15. The Suit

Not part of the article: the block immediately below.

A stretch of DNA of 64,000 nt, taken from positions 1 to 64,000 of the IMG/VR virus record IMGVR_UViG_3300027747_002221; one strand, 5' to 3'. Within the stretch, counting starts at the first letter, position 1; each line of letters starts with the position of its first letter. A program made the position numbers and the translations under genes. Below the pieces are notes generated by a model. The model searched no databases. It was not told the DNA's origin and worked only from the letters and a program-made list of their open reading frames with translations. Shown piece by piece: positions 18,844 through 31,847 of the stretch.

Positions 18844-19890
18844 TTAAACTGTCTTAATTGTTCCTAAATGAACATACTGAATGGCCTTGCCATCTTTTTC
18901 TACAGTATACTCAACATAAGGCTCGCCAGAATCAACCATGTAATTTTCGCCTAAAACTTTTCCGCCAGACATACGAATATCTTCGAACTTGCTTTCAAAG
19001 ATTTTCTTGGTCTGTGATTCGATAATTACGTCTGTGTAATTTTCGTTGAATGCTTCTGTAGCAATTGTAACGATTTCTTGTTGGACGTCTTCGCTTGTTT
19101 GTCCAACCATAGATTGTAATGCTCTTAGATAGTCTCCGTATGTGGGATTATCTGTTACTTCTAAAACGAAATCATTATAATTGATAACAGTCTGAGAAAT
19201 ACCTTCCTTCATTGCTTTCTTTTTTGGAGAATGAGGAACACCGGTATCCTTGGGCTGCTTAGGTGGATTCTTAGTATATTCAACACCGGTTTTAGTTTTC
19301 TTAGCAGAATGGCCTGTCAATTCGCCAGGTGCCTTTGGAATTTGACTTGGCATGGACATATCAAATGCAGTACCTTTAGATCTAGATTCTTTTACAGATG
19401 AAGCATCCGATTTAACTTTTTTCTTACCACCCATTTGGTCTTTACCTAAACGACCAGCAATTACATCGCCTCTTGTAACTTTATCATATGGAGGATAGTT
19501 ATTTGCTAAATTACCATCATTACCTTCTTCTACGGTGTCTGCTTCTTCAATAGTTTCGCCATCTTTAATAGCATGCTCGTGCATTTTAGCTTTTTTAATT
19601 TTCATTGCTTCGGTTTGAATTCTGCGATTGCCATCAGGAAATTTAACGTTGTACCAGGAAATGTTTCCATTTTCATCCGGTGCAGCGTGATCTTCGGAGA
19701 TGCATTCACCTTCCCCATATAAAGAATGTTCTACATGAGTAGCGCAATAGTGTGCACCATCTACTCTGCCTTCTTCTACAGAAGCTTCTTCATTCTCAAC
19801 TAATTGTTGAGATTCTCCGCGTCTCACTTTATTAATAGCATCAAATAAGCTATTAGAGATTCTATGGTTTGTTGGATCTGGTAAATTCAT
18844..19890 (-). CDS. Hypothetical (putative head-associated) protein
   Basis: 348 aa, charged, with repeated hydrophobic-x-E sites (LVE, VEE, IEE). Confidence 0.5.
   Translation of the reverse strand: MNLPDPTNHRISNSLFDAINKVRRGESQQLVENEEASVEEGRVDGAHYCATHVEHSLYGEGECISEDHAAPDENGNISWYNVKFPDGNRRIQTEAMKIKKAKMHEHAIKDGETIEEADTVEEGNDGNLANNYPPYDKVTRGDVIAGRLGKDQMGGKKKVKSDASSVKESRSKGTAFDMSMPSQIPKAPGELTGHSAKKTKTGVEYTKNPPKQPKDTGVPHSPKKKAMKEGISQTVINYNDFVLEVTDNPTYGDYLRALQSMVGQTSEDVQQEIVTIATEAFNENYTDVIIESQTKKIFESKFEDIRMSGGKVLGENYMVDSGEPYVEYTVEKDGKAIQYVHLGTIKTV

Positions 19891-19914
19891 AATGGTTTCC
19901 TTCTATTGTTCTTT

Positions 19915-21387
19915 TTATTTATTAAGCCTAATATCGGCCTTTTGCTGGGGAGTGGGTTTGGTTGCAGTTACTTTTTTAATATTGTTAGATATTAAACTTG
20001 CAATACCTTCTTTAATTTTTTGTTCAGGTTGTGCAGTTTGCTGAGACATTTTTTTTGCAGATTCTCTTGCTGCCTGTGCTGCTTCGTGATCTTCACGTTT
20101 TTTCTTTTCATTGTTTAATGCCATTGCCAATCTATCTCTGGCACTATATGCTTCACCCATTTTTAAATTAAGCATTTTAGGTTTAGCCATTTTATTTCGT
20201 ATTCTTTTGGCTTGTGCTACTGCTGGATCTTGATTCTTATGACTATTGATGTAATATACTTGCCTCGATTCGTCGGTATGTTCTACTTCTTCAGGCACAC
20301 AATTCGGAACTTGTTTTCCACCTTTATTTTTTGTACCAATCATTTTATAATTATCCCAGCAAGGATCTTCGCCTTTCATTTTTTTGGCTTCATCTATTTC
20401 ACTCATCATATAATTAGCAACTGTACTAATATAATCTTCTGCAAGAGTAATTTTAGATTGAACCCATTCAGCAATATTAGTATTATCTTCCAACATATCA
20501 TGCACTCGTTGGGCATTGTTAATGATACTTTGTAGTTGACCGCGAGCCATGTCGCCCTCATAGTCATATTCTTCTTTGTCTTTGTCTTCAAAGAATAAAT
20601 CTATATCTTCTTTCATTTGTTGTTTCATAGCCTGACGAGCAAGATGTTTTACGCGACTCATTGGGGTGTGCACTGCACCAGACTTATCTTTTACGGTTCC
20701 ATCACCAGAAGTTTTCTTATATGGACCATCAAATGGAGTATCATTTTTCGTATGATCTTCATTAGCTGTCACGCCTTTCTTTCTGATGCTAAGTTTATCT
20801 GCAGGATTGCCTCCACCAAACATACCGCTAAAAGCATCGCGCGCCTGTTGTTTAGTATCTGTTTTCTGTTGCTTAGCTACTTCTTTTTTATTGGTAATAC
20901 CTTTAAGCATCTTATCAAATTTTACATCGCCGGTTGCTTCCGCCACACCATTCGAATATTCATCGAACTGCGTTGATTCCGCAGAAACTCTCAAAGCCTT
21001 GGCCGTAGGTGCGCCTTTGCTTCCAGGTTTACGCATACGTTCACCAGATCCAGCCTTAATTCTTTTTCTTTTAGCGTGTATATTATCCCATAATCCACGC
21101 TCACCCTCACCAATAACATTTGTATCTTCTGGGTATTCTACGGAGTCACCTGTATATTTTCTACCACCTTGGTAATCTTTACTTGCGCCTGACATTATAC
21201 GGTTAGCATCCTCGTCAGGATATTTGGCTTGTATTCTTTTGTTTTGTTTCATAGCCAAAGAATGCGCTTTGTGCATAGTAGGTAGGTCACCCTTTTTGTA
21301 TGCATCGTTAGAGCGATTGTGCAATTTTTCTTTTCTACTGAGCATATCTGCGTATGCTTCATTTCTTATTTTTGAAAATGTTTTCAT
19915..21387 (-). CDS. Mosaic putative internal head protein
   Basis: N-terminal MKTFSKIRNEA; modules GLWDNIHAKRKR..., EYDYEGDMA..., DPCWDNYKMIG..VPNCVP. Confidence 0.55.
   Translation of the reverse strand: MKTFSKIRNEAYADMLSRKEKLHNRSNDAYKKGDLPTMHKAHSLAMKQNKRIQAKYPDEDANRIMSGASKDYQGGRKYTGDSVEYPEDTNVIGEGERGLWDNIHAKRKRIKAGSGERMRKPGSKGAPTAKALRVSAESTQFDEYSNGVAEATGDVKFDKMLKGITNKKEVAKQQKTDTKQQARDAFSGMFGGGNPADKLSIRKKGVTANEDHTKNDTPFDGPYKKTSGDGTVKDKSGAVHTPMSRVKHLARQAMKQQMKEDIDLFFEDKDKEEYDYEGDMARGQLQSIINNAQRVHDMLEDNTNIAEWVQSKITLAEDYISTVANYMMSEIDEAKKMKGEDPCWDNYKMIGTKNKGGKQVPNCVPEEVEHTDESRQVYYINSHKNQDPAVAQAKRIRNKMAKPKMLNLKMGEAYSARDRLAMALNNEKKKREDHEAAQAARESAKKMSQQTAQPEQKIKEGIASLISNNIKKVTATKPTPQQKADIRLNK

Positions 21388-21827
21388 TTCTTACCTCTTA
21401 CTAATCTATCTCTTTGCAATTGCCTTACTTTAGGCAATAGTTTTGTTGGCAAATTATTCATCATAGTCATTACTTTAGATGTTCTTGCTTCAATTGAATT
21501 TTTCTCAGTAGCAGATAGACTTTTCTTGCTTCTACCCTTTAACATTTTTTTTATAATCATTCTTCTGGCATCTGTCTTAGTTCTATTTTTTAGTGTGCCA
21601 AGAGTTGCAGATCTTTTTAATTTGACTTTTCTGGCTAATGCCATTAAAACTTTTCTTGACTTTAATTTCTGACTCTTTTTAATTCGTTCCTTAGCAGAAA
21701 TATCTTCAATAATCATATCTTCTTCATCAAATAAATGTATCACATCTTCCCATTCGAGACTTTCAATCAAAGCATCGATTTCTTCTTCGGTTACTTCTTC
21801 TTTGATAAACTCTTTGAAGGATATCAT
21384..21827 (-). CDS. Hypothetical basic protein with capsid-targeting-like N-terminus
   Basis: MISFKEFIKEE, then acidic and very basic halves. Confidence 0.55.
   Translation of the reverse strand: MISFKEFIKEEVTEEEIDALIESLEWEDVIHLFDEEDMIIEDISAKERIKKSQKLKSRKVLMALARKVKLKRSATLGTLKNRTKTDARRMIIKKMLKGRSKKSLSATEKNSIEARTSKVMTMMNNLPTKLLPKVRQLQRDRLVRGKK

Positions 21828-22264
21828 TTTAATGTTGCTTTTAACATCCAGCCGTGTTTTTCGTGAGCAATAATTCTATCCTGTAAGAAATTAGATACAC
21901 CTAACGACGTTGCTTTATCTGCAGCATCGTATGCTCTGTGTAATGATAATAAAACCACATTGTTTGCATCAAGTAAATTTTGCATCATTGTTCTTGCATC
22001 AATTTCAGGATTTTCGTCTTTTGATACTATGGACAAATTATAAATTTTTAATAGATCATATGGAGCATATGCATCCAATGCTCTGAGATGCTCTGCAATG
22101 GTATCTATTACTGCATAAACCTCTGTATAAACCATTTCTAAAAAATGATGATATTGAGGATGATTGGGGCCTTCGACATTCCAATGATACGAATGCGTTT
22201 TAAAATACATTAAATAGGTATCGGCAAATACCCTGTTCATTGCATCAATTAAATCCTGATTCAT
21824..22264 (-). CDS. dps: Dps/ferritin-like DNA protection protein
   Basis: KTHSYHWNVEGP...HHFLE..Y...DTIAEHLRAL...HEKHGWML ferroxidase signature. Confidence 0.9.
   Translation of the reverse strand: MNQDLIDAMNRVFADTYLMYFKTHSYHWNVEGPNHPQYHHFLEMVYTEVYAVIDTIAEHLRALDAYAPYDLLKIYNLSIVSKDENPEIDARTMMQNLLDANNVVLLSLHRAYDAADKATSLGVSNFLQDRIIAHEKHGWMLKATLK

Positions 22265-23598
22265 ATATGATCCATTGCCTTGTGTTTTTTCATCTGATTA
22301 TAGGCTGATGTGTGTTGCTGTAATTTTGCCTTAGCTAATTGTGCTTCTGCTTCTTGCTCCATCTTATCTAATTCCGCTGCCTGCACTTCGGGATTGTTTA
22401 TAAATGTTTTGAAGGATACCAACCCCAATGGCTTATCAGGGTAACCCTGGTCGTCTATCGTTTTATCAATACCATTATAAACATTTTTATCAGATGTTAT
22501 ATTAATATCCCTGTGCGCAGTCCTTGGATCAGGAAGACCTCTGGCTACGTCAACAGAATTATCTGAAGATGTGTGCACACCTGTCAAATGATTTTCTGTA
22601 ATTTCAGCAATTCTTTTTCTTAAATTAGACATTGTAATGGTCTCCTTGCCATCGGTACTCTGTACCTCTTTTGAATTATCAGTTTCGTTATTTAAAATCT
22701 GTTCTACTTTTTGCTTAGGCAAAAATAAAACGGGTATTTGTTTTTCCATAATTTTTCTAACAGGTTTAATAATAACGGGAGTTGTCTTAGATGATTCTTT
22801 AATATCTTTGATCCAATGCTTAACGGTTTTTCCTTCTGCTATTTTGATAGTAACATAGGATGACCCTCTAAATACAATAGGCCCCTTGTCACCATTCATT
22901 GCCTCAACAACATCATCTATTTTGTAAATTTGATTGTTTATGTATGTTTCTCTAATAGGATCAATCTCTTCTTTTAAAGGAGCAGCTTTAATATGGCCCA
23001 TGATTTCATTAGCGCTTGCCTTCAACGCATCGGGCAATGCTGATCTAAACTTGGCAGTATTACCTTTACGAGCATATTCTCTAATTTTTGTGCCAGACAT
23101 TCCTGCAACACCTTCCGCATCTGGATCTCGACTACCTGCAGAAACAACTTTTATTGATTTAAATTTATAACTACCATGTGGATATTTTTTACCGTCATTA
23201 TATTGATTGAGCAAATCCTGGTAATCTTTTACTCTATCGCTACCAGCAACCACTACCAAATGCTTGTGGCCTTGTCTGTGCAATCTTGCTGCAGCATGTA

The Batsuit is probably one of the most important things you need to get right when making a Batman movie. As well as concealing Bruce Wayne's identity, the suit has to intimidate the criminal scum in Gotham and look really cool at the same time. Michael Keaton's suit in the 1989 film was designed by Bob Ringwood who based it on the Neal Adams design from the comics but instead of the established grey and blue, he made it all black. It set the mold for all future Batman movies and the design has never been topped. Everything about it is archetypal Batman, it's sleek, not covered with distracting bits of armor, the cape is integrated into the suit and the black is broken up nicely by the yellow utility belt and emblem. Also the ears on the cowl are a good length and the cut off point where the jaw becomes visible is far enough back to give Batman a nice jawline. I know Michael Keaton had mobility problems while wearing the it and was unable to turn his head but on screen, his suit looked stunning and made an immediate impact. Fast forward to Nolan's Dark Knight trilogy and the obsession with realism ruined what should have been one of the iconic images to come out of the movies and that is Batman. The suit in Batman Begins was never going to be a classic, it looked rubbery, the cape was odd and the neck on the cowl was too fat. But they did give it a redesign for The Dark Knight but managed the impossible by actually making it look even worse. You can forgive the camouflaged logo, the annoying armor plating and the fact that the ears are too small but the biggest problem is the mouth area. The cowl's design was based on a motorcycle helmet and that was a very bad mistake. Christian Bale never had the best lips to carry off the Batman look and the design of the cowl made it look like his face was squished. It also robbed Batman of a decent jawline. Once you add on his ridiculous voice, the whole look becomes a joke. It's becoming a trait in Hollywood now that in order to look edgy and appeal to the kids, you need to make everything look super busy. Look at the design of the Transformers in the recent Michael Bay feature films where every Transformer had to be made up of a million parts. Nolan's Batsuit has the same problem, with all the ridges and lines all over it, it looks too busy. Batman is smooth and elegant when he moves and the suit should reflect that. Even though the suit in Tim Burton's film had the fake muscles, it didn't go over board and cover every area with lines and shapes so that it looks ultra modern and like body armor. Less is more and Nolan's suit had too much going on and just didn't look cool. It's a remarkable achievement when even George Clooney's suit is more ascetically pleasing.